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The once mighty forests of the Pacific Northwest have now been reduced to small groves across island archipelagos. Tom Wolff explores the forests of Haida Gwaii and Vancouver Island – both ancient and fledgling – with one question in mind. Why did the story of our forests change from identity to industry?

Words by Tom Wolff

Photography by Oriana Smy

A patchwork of stars filled the sky above us as waves eased their way across the rocks on the shore of Masset Inlet on Canada’s island archipelago of Haida Gwaii. The fire crackled softly – our eyes drawn to the flickering flames. I’ve always felt when you look into a fire you’re somehow connected to all those who’ve come before you – a human history through fire. There was a certain rhythm to Tdesi’s voice as he spoke; calm and measured, yet I couldn’t help but notice the tinge of pain or disappointment that lingered once his words had gone:

“If there’s one thing I’ve learnt from tree planting, it’s that it’s incredibly easy to break something, and very difficult to fix it later. It’s kinda like a vase, you know. You can smash the thing into a million pieces pretty quickly and easily, but it will take you a real long time to super glue all those pieces back together.”

Tdesi and Georgia were driving around BC after their seasonal tree planting work when we met on Haida Gwaii. Both veterans of a few seasons, they’d seen their fair share of “cutblocks” across Canada. The cutblocks they spoke of were vast areas of forest that had been clearfelled to feed our voracious appetite for timber. The job of a tree planter was to bring these areas back to life by replanting what we all know to be a renewable resource: trees. I’d met vast swathes of tree planters ever since I left Anchorage. It’s a job that lures people from all walks of life, but there’s a common trait among them that I can’t quite put my finger on. From what I’ve heard, tree planting can be damn hard work, but it pays well, you get to work outdoors and a lot of people enjoy the flexibility of the seasonal employment.

Tom Wolff

“Forestry may be sustainable, but the forests that we leave future generations will be a shadow of their former glory.”

I left the islands of Haida Gwaii the next day and spent a week on the Pearl Sea – an old wooden fishing boat. I cruised south with an old fisherman through the narrow tidal channels of the inside passage from Haida Gwaii to Vancouver Island.

They say you only get once chance at a first impression, and my first impression of Vancouver Island was tied up in an unflinching paradox. Further north I’d pass countless hours wandering amongst the majesty of ancient giants; fir, hemlock, cedar and spruce. Wise old beings swayed gently in the breeze as columns of golden sunlight fought their way through the dense canopy to light up patches of the damp, leaf-littered ground. In some way I felt as though I’d come to know these forests, to understand them. As our boat made its way down the Johnstone Strait, the giants I expected to find were long gone. All that remained were thousands upon thousands of greying, lifeless stumps.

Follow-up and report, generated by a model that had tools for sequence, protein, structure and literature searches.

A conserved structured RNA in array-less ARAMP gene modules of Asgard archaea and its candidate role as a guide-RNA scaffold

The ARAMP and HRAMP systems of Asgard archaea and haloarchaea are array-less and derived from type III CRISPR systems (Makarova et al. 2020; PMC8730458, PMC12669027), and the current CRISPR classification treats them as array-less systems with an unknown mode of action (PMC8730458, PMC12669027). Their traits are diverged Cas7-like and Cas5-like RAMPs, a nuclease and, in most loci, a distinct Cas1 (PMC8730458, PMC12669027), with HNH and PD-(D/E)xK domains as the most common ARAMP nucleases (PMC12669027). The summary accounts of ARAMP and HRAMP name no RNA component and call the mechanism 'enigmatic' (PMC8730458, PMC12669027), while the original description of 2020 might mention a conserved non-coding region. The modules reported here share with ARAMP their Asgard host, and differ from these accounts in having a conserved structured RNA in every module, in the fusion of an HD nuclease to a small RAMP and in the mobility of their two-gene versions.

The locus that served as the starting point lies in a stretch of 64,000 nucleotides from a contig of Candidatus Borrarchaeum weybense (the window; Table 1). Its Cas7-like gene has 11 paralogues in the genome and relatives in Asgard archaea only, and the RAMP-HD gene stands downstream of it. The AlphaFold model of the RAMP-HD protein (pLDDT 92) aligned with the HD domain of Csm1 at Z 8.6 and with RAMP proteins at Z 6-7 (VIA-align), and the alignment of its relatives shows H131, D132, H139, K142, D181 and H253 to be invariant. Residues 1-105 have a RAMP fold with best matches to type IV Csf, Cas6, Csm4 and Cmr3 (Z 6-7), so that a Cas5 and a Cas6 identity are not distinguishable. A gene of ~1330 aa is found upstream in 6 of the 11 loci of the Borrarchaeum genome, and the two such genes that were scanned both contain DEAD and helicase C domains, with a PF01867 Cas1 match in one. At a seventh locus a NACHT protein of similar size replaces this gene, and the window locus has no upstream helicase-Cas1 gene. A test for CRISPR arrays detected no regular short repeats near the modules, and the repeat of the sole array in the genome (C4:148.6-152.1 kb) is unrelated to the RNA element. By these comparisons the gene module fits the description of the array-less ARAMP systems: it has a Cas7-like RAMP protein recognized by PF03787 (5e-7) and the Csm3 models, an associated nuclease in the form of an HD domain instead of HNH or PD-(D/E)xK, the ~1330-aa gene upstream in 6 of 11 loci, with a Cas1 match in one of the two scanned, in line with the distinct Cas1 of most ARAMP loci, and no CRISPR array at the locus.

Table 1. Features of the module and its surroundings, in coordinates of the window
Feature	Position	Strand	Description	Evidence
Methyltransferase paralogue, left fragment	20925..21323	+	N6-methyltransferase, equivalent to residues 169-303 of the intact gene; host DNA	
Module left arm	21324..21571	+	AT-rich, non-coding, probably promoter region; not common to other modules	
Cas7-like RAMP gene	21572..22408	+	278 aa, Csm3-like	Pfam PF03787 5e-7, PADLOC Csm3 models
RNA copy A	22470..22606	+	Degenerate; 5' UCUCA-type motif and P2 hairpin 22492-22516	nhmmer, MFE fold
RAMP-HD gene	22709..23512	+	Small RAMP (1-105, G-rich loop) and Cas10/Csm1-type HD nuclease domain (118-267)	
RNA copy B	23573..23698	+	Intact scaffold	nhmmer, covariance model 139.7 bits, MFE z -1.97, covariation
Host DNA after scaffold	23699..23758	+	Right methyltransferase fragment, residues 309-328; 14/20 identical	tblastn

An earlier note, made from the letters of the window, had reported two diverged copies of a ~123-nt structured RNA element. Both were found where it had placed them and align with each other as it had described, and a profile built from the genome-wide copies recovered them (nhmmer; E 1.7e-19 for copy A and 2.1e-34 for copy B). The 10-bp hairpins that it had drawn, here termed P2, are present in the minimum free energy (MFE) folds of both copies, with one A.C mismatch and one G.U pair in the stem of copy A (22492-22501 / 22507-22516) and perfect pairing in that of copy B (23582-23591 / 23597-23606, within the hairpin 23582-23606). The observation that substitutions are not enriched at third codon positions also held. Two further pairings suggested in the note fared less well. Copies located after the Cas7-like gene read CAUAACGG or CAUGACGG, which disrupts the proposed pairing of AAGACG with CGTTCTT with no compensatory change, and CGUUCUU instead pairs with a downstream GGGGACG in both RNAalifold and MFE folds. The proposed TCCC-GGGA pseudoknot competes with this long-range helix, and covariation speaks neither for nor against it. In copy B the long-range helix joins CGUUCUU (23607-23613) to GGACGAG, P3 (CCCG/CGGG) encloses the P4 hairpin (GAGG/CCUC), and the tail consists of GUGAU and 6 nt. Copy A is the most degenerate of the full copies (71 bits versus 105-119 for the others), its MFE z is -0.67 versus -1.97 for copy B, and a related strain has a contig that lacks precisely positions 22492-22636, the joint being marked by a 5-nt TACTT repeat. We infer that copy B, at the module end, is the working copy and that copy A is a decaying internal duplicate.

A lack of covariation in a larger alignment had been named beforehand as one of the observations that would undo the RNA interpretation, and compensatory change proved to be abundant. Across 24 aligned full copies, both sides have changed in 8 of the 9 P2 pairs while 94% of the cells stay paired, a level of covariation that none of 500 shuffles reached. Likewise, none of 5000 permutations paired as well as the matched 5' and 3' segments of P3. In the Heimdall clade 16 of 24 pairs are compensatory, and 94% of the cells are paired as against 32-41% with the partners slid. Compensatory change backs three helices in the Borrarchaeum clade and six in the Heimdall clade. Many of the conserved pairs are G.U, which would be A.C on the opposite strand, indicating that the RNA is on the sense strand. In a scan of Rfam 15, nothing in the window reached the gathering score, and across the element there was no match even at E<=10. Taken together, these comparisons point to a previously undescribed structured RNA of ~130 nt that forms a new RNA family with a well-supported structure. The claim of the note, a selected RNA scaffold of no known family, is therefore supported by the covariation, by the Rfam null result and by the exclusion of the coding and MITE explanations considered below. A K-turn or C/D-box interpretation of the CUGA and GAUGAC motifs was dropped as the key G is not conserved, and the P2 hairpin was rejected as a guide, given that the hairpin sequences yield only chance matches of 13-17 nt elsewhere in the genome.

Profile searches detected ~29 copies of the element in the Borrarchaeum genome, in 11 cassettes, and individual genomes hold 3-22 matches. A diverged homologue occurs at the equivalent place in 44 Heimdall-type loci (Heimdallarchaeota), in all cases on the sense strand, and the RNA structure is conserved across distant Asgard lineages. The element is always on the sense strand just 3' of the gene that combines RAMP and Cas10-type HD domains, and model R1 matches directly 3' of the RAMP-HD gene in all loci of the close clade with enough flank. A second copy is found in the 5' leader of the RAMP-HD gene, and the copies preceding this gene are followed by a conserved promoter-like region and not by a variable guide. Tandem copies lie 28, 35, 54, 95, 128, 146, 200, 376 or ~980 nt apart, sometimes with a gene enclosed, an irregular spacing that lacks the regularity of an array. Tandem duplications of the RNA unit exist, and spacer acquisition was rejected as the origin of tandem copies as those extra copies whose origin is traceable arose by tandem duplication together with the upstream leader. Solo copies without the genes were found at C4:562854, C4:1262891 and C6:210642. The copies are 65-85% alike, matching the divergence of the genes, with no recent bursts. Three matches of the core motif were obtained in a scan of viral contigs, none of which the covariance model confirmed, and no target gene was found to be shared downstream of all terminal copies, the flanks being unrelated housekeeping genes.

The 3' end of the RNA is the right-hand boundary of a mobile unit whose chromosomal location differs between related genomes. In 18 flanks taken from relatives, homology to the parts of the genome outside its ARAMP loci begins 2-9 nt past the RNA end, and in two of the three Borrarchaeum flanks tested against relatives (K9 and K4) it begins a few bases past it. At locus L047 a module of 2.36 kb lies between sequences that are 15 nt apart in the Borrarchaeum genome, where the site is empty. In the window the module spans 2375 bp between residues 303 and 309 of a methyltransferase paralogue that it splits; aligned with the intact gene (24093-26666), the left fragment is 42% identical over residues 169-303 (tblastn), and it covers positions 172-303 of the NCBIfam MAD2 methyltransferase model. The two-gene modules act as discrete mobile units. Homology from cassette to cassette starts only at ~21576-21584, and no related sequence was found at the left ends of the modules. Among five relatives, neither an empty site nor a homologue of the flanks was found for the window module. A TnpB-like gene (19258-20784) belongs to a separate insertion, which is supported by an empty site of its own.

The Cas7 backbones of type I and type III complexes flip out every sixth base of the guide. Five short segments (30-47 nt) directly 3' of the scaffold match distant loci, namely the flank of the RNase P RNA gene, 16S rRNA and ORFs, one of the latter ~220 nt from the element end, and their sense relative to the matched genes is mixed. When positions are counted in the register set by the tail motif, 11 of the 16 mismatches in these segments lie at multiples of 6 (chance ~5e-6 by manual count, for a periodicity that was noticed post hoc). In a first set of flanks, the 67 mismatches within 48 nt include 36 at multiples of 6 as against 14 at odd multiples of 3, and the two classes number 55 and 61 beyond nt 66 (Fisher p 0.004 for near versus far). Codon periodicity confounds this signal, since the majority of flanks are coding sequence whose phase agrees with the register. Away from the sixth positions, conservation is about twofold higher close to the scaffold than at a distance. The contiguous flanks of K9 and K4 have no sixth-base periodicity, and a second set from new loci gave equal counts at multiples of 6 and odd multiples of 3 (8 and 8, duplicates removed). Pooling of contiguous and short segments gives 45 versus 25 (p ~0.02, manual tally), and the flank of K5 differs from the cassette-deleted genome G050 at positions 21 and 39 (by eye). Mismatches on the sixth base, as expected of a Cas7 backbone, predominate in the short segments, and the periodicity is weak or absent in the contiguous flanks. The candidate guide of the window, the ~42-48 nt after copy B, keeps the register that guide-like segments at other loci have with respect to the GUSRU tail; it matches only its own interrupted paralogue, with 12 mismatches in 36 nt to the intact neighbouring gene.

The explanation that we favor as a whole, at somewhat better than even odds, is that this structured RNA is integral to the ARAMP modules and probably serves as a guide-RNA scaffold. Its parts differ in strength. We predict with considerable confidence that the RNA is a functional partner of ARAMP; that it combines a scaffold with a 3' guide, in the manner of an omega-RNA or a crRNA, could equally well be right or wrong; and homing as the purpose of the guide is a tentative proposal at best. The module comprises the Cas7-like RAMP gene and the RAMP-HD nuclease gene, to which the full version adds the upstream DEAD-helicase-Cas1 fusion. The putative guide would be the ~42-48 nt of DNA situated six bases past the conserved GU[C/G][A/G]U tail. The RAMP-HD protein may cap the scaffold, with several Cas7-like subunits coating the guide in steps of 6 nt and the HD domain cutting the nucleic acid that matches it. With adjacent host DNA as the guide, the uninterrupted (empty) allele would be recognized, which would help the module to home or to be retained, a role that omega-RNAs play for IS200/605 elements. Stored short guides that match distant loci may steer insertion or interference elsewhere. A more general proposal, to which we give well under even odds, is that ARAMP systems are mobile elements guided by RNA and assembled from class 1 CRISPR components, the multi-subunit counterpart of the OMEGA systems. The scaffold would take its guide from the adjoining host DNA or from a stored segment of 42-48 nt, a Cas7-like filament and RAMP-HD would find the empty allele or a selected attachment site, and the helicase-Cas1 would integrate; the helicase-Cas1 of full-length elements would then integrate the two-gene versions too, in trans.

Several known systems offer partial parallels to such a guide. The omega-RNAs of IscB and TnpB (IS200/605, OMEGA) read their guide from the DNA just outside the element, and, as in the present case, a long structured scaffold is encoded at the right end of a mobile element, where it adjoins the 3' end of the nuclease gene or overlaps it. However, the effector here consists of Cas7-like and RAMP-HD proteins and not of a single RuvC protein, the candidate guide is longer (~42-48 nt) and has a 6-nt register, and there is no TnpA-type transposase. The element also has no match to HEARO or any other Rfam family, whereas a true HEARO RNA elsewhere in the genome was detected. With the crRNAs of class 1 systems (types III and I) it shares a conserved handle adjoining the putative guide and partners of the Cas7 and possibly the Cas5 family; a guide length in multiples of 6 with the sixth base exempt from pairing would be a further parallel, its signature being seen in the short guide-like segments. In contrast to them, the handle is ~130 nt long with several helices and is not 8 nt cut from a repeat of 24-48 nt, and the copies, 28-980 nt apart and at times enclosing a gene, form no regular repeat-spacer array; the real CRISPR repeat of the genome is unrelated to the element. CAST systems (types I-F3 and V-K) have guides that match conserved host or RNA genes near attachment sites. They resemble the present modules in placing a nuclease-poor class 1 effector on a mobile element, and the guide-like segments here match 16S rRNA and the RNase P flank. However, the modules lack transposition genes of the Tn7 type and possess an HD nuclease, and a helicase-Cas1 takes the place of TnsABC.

British Colombia has a devastating history of huge-scale deforestation and denuding of these old growth forests. From my vantage point on the Pearl Sea fishing boat, I was able to gaze upon the contours of the north-eastern end of the island with an intoxicating mix of horror and amazement – horror at the destruction and amazement at the sheer scale of it all. River valleys without a single tree left standing. The sides of mountains stripped bare all the way to the top of the tree line. It was as if some giant was playing with a jigsaw puzzle, and there were still a whole pile of deep green forest pieces that hadn’t been put into place.

I think a lot of us like to tell ourselves that the era of exploitation is over and that forestry practices are much more sustainable now. Forestry may be sustainable, but the forests that we leave future generations will be a shadow of their former glory. They will be devoid of diversity and any recognisable soul.

Tom Wolff

“Cathedral Grove has Douglas Fir trees that stand over eighty metres tall – the result of 800 years of growth and prosperity. The wisdom in those trunks is priceless.”

As I crossed Vancouver Island from the more populated east coast to the less populated west, I passed through an area known as Cathedral Grove. Cars were lined along the highway as I approached the area, leapfrogging the traffic to park my bike close to the start of the trail. The air was notably cooler and goosebumps quickly sprung up across my arms. The sound of traffic was quickly absorbed by the thick layers of trees as I walked deeper into the wild. With each step further away from the road, I slowly travelled back in time.

Cathedral Grove opens a window to the past. It shows the complex beauty of our forest ecosystems as they once were before we commodified them. They reveal our insignificance in the vast history of the Earth. These forests have seen more than we will ever see in one lifetime. Ancient trees that have weathered fire, storms, floods, droughts, and most crucially the axes and chainsaws of the forestry industry. Cathedral Grove has Douglas Fir trees that stand over eighty metres tall – the result of 800 years of growth and prosperity. The wisdom in those trunks is priceless.

A couple of weeks earlier, while waiting for the ferry from Prince Rupert, I’d explored the Museum of Northern British Columbia. The beautiful wooden building – traditional Haida design – was perched overlooking Prince Rupert Harbour and the hours I spent reading about the Haida people and other First Nations groups from British Columbia helped me to see the place in a different light. It was there that I met Erin and her mum Beth.

As chance would have it I bumped into Erin in the middle of nowhere on Vancouver Island. About an hour after leaving Cathedral Grove I had what would turn out to be my closest run in with traffic. A semi-trailer effectively sandwiched me against a rock wall as I bombed down an enormous hill. Adrenaline was pumping through my system and I was a little shaken as I pulled up at the bottom of the hill, only to turn and see Erin sitting in her car looking back at me with a sort of bewilderment. Our chance meeting only enhanced my state of stupor.